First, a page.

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Students place in national competition

July 24, 2006|by ERIN CUNNINGHAM

When Patrick Breakall first learned how to design Web sites almost one year ago, he said he wasn't very good.

But he liked designing graphics and working with the programs so much that he continued to work at it until he improved.

In June, Breakall, a senior at Washington County Technical High School, and his classmate, Derrick Flook, placed seventh in a national Web site design competition.

Breakall and Flook first competed as a team in a state competition in March. The pair placed first in that contest, and advanced to the June 19 SkillsUSA National Leadership and Skills Conference in Kansas City, Mo. They competed against about 35 other teams in the showcase of career and technical education students from across the country, said Amanda Corcoran, their computer repair and networking teacher.

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Breakall and Flook placed seventh in the nation in that event. Another Technical High School student, Darron Hamrick, competed in the automotive technology competition and placed 27th. All three placed No. 1 in Maryland in order to qualify for the event.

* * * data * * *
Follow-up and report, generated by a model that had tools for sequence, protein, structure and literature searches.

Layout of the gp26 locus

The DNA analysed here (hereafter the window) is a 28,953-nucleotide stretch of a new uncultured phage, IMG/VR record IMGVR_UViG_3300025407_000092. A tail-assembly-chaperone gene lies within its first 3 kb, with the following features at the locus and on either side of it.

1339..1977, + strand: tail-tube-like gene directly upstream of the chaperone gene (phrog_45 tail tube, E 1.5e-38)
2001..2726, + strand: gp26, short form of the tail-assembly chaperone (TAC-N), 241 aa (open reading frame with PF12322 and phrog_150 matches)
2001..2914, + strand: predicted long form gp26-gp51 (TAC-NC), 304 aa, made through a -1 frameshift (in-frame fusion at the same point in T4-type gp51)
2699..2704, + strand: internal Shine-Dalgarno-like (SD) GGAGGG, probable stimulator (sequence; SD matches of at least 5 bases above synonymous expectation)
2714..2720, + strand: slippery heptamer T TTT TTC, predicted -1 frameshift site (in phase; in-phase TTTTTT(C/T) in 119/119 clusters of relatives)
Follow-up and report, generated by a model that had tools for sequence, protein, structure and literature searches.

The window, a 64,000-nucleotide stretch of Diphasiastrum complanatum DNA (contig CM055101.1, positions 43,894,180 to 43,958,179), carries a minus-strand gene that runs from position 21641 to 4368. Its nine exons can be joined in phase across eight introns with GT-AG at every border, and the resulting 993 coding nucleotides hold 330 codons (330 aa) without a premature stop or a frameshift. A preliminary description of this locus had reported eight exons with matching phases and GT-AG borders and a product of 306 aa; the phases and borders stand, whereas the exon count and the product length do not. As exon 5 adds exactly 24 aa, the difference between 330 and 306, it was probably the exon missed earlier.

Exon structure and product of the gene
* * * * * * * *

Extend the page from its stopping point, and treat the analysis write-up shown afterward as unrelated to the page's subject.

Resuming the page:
"I was quite surprised that we got that far," Flook said. "The state competition wasn't so much pressure. The nationals put me in a more pressure situation to do better and achieve more than I usually do."

Flook primarily works with coding for the Web sites, and Breakall focuses on creating graphics.

"Coding is basically like my back hand to me," Flook said. "It's basically what runs everything in the computer. It's something I like to do."

Breakall said he and Flook worked with Web design in class, and decided to compete as a team in the state and national competitions.

"I was ecstatic," Flook said. "I was surprised we did so well. We'd only been doing it for a little bit, and there were people who have been doing this for five years straight, and we were right up there with them."

Marjorie Kellman, the SkillsUSA lead adviser at Washington County Technical High School, said that as far as she knows, this year's competition was the school's best showing.

There were 4,700 students competing at SkillsUSA in 84 different contests.

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